Home Cyber Security News FBI To Share Pwned Passwords With HIBP As It Goes Open Source

FBI To Share Pwned Passwords With HIBP As It Goes Open Source

by Abeerah Hashim

The popular resource helping people with managing breached passwords, Have I Been Pwned, brings some interesting updates. At first, Troy Hunt has announced making HIBP open source. Secondly, the FBI has pledged to officially share all pwned passwords with HIBP.

HIBP Goes Open Source

In a recent post, Troy Hunt, the founder of “Have I Been Pwned” has announced the changes in the service.

As revealed, HIBP will be available as open-source via the .NET Foundation. It’s an independent non-profit organization supporting the open-source ecosystem around the .NET framework.

Stating about the significance of this move, about Hunt already hinted months ago, the post reads,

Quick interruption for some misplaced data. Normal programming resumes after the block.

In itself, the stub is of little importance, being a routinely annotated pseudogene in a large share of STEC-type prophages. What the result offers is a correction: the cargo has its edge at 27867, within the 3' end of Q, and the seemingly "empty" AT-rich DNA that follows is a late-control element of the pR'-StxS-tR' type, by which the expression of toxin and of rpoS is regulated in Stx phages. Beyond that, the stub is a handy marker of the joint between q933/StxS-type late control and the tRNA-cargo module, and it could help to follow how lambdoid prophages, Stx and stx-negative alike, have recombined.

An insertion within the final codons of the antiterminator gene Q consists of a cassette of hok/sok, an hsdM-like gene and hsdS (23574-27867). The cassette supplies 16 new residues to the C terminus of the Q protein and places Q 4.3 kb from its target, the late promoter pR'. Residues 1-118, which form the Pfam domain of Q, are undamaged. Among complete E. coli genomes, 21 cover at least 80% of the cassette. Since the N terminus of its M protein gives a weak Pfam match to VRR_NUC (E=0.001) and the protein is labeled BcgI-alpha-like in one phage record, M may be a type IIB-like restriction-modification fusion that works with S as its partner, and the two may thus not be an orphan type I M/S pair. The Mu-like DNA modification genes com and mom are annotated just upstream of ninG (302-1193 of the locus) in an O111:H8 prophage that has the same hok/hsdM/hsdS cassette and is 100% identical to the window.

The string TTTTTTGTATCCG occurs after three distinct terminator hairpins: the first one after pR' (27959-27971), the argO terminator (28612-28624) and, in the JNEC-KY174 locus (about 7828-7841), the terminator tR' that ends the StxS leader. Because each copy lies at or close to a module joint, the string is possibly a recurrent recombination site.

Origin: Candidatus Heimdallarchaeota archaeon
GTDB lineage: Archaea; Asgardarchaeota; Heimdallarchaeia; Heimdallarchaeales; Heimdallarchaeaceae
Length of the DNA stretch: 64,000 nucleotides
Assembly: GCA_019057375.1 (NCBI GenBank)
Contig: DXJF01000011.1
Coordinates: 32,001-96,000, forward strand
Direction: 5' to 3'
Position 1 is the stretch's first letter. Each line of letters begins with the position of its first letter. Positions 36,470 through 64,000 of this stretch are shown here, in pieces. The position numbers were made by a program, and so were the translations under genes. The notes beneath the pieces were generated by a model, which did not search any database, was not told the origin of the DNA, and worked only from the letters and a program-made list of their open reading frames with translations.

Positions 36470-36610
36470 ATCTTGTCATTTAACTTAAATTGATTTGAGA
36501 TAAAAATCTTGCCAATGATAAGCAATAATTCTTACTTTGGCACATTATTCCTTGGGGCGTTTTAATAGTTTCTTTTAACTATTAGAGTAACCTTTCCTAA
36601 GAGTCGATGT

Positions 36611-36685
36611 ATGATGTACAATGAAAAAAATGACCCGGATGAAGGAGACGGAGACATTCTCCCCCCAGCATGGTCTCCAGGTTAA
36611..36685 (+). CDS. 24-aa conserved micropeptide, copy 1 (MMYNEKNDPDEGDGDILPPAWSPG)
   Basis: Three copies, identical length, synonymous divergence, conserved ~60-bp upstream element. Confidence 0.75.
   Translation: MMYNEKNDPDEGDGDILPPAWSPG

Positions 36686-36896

It’s now an important part of many online services and this move ensures that anybody can run their own Pwned Passwords instance if they so choose.

FBI To Share Data With HIBP

Alongside making the HIBP code open-source, another major update to the service adding more credibility to it is its collaboration with the FBI.

Specifically, the FBI will be directly adding the pwned passwords they come across into the HIBP database. This will further broaden the scope of HIBP. Plus, it’ll also facilitate quickly updating the HIBP database with pwned passwords. In turn, it will help users stay informed about more breached passwords in a short time.

About this collaboration, Bryan A. Vorndran, Assistant Director, Cyber Division, FBI, provided the following statement to Troy Hunt.

We are excited to be partnering with HIBP on this important project to protect victims of online credential theft. It is another example of how important public/private partnerships are in the fight against cybercrime.

This collaboration that will give another entity the ability to update the database of pwned passwords, together with making the service open source, requires some code writing. Hunt has shared the details of the planned steps the code should power.

Together with all this, the .NET Foundation and Cloudflare will continue supporting the project as required.

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